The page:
Harvesting Dana

We will resume begging this week, and would ask your participation - even if you are not nearby. Fall is upon us, and fruit and nuts are ripe or nearly so! Here are some tips for practicing this Yoga.

  • KARMA: Selfless action IS Karma Yoga. In asking for fruits and nuts, remember that the object is not to obtain the fruits and nuts, nor to ensure the transfer of the Dana to those in need, but to encourage the giving of Dana by those who own the fruits and nuts to those in need. You will not always be around; but if you help inspire a habit of giving, this will remain a very long time after you are gone.
  • BHAKTI: in giving Dana, remember that you are not giving it because it is "good" thing to do, nor for any reward - but because it is the right thing to do. Motivate yourself with loving friendship for those who you would give the fruits and nuts to; do not confuse sympathy with compassion. Do not confuse poverty with need. Remember the true reason you are giving.
  • HATHA: All five points should be practiced - proper flexibility will reduce the physical strain of lifting, reaching, and other work associated with this Dana. Proper attention to the breath while undertaking this Dana will not only improve awareness in meditation, but reduce the exertion. Relax - physically, mentally and spiritually before, during and after: a feeling of rushing and excitement should be vigorously overcome. Proper diet is accomplished by ensuring the quality of the food collected and processed, protect those receiving the Dana from spoilage, damage and rot; if you prepare the fruits and nuts for storage by dehydration, canning or cooking, produce healthy and wholesome foods intended for enjoyment and wellbeing. And do not neglect right thinking through meditation during your Dana: follow your breath, your footsteps, improve consciousness.
  • JNANA: Though numerous studies can be made into Dana, we suggest those which will instruct and train in the termination of Karma. The goal is not to obtain good results from this good act, but to gradually still your Karma through non-action. Consider that your work should result in less necessity for work: bring those giving and receiving together, and make what efforts if you do put into the Dana as selfless as possible. If you are dehydrating apple chips, dehydrate them for their own sake, not to give; when you share, let the sharing result from friendship and joy in sharing and in the food itself, not sympathy.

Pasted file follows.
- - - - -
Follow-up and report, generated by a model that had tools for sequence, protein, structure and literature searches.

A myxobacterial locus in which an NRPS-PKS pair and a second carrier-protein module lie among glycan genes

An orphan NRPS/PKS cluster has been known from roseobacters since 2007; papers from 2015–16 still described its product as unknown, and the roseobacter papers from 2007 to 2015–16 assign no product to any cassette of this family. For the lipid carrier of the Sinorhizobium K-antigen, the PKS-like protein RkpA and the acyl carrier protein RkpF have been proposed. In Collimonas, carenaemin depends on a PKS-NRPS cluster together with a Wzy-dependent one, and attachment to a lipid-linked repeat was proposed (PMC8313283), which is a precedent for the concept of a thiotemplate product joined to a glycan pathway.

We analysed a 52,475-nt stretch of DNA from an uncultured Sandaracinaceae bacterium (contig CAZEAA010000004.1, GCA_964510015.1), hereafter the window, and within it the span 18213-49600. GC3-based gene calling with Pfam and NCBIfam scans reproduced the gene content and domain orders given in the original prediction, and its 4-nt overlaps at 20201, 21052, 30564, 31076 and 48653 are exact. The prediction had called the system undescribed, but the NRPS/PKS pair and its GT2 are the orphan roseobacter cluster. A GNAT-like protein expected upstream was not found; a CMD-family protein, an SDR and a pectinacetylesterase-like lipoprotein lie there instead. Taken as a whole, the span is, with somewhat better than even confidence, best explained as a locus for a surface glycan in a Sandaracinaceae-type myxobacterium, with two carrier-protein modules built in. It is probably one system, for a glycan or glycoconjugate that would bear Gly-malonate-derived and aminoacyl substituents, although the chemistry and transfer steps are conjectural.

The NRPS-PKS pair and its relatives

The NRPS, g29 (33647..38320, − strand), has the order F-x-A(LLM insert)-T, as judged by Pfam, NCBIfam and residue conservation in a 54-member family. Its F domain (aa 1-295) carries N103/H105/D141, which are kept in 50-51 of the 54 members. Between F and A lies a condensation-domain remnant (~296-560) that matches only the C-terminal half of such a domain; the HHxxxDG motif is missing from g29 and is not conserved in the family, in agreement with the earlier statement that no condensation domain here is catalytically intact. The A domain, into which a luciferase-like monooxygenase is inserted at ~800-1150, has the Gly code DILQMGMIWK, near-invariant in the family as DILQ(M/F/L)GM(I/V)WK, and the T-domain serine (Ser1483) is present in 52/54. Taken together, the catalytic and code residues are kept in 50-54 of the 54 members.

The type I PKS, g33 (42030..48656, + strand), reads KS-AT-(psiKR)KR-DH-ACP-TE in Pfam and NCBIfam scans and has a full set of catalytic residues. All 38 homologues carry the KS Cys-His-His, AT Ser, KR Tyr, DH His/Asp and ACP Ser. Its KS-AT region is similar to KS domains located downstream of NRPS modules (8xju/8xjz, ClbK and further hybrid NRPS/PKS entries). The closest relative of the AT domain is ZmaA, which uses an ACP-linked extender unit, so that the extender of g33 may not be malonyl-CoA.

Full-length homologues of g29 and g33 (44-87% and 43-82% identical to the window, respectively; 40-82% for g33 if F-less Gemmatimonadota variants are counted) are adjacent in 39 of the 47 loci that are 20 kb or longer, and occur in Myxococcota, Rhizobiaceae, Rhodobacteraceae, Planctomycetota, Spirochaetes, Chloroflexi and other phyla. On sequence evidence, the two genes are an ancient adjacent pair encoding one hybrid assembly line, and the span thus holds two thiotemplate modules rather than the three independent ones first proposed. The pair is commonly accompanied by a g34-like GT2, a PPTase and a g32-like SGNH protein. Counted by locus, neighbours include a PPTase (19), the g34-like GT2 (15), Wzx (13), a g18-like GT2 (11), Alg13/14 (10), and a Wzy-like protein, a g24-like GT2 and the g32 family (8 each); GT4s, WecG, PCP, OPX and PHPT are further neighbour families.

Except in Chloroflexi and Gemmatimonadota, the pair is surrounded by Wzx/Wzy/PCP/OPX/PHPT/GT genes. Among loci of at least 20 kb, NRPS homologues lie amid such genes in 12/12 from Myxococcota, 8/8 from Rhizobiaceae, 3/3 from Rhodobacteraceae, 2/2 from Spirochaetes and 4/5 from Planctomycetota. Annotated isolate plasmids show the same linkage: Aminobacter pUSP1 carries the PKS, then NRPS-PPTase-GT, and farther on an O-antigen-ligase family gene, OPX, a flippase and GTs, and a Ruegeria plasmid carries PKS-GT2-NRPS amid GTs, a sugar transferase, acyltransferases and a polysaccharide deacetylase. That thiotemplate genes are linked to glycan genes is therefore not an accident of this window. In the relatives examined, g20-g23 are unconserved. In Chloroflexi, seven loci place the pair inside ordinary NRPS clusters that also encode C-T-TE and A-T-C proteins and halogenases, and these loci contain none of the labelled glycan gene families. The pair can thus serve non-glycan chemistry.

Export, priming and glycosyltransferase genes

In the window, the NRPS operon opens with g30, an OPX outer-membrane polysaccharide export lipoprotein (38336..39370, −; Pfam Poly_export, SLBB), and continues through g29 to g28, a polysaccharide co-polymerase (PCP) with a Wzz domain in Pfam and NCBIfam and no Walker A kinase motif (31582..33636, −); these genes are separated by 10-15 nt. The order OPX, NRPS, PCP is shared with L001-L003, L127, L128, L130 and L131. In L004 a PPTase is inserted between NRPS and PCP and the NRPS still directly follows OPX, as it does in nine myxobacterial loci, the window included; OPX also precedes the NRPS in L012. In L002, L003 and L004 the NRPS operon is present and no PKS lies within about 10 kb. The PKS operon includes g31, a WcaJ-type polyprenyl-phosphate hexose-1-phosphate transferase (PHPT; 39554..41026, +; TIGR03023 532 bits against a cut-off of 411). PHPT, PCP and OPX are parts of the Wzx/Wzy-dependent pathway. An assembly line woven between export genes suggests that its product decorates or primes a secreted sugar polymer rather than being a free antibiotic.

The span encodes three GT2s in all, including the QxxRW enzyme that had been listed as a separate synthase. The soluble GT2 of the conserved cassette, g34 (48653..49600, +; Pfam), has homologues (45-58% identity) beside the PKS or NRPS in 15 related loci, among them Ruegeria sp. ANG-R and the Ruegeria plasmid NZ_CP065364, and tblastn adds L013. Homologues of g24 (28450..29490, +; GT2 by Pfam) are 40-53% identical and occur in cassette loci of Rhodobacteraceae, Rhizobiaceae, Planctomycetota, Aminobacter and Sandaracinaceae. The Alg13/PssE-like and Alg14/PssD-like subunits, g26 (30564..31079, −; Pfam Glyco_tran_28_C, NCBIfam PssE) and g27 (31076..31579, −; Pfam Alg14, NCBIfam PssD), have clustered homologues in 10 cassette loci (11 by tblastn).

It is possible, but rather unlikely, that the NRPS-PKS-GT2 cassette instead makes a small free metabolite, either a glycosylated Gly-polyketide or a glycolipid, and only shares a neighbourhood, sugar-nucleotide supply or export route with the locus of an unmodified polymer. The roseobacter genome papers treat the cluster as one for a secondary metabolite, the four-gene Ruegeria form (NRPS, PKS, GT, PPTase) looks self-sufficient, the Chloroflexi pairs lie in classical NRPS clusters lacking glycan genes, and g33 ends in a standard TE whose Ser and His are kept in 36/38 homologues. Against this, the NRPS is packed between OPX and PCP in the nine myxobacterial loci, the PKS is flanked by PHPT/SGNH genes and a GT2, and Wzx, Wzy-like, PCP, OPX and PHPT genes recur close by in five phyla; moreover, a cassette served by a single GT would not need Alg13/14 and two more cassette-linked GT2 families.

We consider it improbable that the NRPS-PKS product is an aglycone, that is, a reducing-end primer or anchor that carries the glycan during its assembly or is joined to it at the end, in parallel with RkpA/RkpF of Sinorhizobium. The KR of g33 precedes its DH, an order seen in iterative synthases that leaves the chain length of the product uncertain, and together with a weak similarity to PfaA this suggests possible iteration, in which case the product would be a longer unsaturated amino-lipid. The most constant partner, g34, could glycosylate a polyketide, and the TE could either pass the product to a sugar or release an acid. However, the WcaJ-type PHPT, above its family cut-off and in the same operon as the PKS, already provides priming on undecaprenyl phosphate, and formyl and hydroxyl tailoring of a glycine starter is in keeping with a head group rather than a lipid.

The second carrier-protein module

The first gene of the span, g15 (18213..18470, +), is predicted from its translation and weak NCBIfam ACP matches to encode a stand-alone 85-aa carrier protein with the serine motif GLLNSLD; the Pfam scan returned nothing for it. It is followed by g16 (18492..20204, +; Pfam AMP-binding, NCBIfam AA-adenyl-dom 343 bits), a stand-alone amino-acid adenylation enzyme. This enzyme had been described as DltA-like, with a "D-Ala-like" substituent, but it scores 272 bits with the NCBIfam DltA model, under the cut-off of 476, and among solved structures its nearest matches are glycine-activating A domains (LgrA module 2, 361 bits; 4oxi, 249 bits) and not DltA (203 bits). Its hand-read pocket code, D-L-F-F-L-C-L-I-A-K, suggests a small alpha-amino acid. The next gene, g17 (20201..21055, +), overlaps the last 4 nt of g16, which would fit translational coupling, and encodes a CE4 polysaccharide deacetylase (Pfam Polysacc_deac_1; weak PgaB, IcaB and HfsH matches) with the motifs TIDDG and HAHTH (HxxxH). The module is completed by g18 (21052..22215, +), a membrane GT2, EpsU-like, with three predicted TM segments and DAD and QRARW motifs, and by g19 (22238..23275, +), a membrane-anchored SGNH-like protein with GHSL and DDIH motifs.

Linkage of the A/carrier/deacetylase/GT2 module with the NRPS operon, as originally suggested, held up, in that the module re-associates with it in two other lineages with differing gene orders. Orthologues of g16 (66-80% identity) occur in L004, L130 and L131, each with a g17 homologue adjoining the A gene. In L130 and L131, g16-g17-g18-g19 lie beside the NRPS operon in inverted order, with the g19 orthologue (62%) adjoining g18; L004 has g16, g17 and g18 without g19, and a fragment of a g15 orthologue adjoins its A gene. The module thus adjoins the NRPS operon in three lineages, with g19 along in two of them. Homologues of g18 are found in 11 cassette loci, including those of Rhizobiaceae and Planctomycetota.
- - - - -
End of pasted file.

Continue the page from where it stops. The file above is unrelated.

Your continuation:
• TECHNICAL: it is good to wash the fruits and nuts thoroughly before giving; sometimes chemicals are applied to them and these poisons should be removed. If you have surplus, consider dehydration or canning to preserve the fruits and nuts, or cooking them to facilitate speedier consumption. When instructing in the benefits of sharing to those giving Dana, remind them that they obtain both tangible and intangible benefits, and let their selfishness (which naturally exists without training) motivate the action: they may receive tax benefits from donation (DON'T FORGET! if they desire tax benefits, please call or email the Ashram and document their donation - if you haven't undergone training in this, email or call!), and the gift will encourage benefits in their community. Frequently, they may ask you to pick their food from the trees; make sure to share some of the fruit or nuts with the giver, so they may better comprehend the true nature of their gift: friendship and love.
  • TRAINING RULES TO PRACTICE: This is an excellent opportunity to practice not taking what is not willingly given and not entering onto property without permission. Remember, the training rules are not only good spiritual practice, but also good common sense - and the law. But consider: what good do you do for an absent landowner who does not gain the benefits of giving Dana? How can you instruct in friendship or Dana to someone who is not present to receive that instruction? Your duty is not only to those recipients of Dana, but those who give. 
  • SANGHA: Do not neglect to give some of what you receive to those accomplishing the Dana - those giving, and those facilitating the giving (yourself). Give it to yourself with the same compassion as you would to anyone receiving the Dana. Do not forget, too, to give some upon the altar to those who cannot eat: in doing so, remember to give compassion for everyone; remember that no food is wasted, there is always enough to share. And share especially with those who are your friends, your students, your teachers, and all those you would properly venerate!

If you are in the Grand Junction area, let us know if you'd like to come with us in begging.
Thank you for all your help!